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Oh, 'Boyhood!' Linklater's Cinematic Stunt Pays Off

Ellar Coltrane — pictured here with screen family Ethan Hawke and Lorelei Linklater — grows from boy to man on-screen in Richard Linklater's new <em>Boyhood.</em>
IFC Productions
Ellar Coltrane — pictured here with screen family Ethan Hawke and Lorelei Linklater — grows from boy to man on-screen in Richard Linklater's new <em>Boyhood.</em>

Filmmaker Richard Linklater breezed through plenty of genres in his career, establishing that he's comfortable making loose comedies like Slacker, animated sci-fi thrillers like A Scanner Darkly, and even messing with longer-form studies in time with his Before trilogy, Before Sunset, Before Sunrise and Before Midnight.

Still, it's safe to say that he's never done anything even remotely like Boyhood, his latest film, because neither has anyone else.

It sounds like the most ordinary of stories: just a boy growing up. What's not ordinary is the way it's told. We meet Mason as a cute 7-year-old in Texas, rambunctious, giggling with a friend over the busty women in his mom's lingerie catalog, and played by youngster Ellar Coltrane. We will leave Mason almost 12 years later, by then slender, tall, a serious young man — and still played by Ellar Coltrane.

Linklater started filming in 2002, and finished in 2013, shooting just a few days each year (39 in all, about what he'd have shot for a more conventional film), with Ethan Hawke playing Mason's dad, Patricia Arquette playing his mom, and Ellar Coltrane not just playing, but more or less living the boy whose boyhood gives the film its title.

Initially, little Mason's got a sweetly natural innocence and vulnerability, when his mom for instance lets him and his sister, Samantha (played by the director's daughter Lorelei Linklater), know they'll be moving to Houston, and that Dad's not coming with them.

Dad does, however, want to be part of their lives, even if every second weekend when he shows up in his vintage Pontiac GTO to take them out, he's playing catch-up. Queries he puts to the kids get answered in monosyllables, and he does not want to be the biological father who gets polite conversation when he drives places and buys stuff, so he pulls the car over and begs the kids to talk to him. He even suggests what they might say — about arguments they've had on the playground, trouble they've had with schoolwork. You can hear him projecting. And so can 7-year-old Mason.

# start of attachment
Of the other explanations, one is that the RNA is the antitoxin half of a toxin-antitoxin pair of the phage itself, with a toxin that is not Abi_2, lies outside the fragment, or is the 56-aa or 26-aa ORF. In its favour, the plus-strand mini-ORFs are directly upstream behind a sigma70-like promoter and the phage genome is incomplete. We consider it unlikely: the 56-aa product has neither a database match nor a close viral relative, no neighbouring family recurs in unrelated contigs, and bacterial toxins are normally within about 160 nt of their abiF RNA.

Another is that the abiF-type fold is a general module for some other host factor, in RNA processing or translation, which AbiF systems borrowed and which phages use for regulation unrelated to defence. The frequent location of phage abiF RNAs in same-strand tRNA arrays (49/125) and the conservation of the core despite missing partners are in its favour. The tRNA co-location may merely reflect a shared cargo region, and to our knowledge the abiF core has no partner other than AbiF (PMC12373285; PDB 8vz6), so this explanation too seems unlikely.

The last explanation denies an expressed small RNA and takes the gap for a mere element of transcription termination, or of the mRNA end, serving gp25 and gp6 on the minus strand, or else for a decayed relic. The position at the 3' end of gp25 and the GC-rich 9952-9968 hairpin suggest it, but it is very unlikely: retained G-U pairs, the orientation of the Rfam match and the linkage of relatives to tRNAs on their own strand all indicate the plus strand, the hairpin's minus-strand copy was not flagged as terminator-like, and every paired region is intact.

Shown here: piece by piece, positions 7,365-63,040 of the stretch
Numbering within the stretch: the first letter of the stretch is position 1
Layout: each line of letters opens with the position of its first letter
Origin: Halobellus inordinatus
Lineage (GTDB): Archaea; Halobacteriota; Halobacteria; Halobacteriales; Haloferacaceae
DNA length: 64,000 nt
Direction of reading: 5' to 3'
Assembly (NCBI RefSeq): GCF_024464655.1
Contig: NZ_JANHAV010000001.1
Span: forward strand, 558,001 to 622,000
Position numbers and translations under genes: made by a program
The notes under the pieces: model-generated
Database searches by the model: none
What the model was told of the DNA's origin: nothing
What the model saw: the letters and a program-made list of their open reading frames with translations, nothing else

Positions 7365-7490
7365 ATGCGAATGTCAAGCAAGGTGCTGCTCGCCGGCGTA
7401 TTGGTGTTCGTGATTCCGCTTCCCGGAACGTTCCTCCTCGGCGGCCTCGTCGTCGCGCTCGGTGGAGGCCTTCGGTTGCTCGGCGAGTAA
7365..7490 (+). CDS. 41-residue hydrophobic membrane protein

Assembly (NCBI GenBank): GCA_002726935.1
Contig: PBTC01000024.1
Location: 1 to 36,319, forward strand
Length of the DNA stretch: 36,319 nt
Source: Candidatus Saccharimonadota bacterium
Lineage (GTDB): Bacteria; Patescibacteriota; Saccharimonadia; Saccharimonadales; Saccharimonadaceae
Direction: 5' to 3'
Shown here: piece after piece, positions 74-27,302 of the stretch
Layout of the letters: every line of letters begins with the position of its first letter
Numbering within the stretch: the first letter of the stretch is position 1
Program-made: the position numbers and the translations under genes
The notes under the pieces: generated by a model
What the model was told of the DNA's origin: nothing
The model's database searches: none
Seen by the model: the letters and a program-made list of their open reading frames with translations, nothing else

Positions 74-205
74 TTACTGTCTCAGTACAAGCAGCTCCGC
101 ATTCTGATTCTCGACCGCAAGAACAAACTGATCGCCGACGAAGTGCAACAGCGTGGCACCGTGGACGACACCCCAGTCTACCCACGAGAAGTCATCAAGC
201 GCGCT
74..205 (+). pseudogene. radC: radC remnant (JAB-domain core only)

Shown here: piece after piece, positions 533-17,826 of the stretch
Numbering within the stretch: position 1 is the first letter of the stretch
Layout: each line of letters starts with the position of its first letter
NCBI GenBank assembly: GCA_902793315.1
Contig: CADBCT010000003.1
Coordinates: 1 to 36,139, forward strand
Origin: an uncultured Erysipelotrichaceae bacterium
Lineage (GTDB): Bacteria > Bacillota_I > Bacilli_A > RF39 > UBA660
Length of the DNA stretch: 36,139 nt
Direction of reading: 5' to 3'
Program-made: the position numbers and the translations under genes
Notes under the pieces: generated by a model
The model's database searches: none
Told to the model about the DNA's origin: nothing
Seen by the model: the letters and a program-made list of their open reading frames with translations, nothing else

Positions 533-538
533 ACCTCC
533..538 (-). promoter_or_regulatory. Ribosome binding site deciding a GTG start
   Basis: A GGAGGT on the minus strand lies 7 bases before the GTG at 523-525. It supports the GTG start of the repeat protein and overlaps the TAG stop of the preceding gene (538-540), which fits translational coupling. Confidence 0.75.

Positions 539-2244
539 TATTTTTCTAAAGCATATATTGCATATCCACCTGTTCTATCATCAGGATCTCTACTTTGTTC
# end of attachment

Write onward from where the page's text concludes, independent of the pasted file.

"But Dad, I mean, why is it all on us, though?" he wonders. "What about you? How was your week? You know, who do you hang out with? Do you have a girlfriend? What have you been up to?"

Dad concedes he has a point, and agrees to try to connect "more naturally."

And for the balance of the film, that's pretty much what happens. Life happens — scripted according to a plan the filmmaker laid out at the beginning, and unscripted according to a plan nature lays out in real time. As Mom and Dad grow thicker, Mason grows taller, more angular. His face loses its baby fat. And on a camping trip around the film's midpoint, with a casualness that is likely to choke up every parent watching, his voice changes.

Now, the usual way to show a kid aging a dozen years in a movie is to use several actors — one for childhood, another for adolescence, a third for late teens. But Linklater's managed something enormously richer and more resonant with what sounds like a stunt until you actually see it. Sure, other characters have grown up on-screen — in documentaries, and on TV shows that hang around forever. But not like this. Not sculpted, and controlled, with a dramatic arc that must have given everyone fits as they filmed across more than a decade, hitting milestones: that deepening of the voice, a passion developed in school for photography, Mason flirting with a girl at his first job, and getting his heart broken at 15, not by her, but by his dad. When he asks why they're cruising in a minivan rather than the GTO, his father says he sold the car he'd long since forgotten he'd promised to give to his son when he turned 16. So much pain in one accusative phrase: "You don't remember?"

It seems almost odd to talk of performances when they're as natural and unforced as they are in Boyhood, but they're fascinating, with the adults nearly as physically altered by time as the kids. So are the offhand glimpses the film gives you of a decade's worth of music, video game consoles and cellphones. The picture is so unassuming and understated as it wends its way through a dozen years in the life of this family — in all our lives, really — that you're likely to be surprised at how invested you feel — how proud and conflicted — when Mason finally stands on the brink of adulthood.

The film gives every appearance of happening exactly the way life does. And exactly the way life does, it makes you care. (Recommended)

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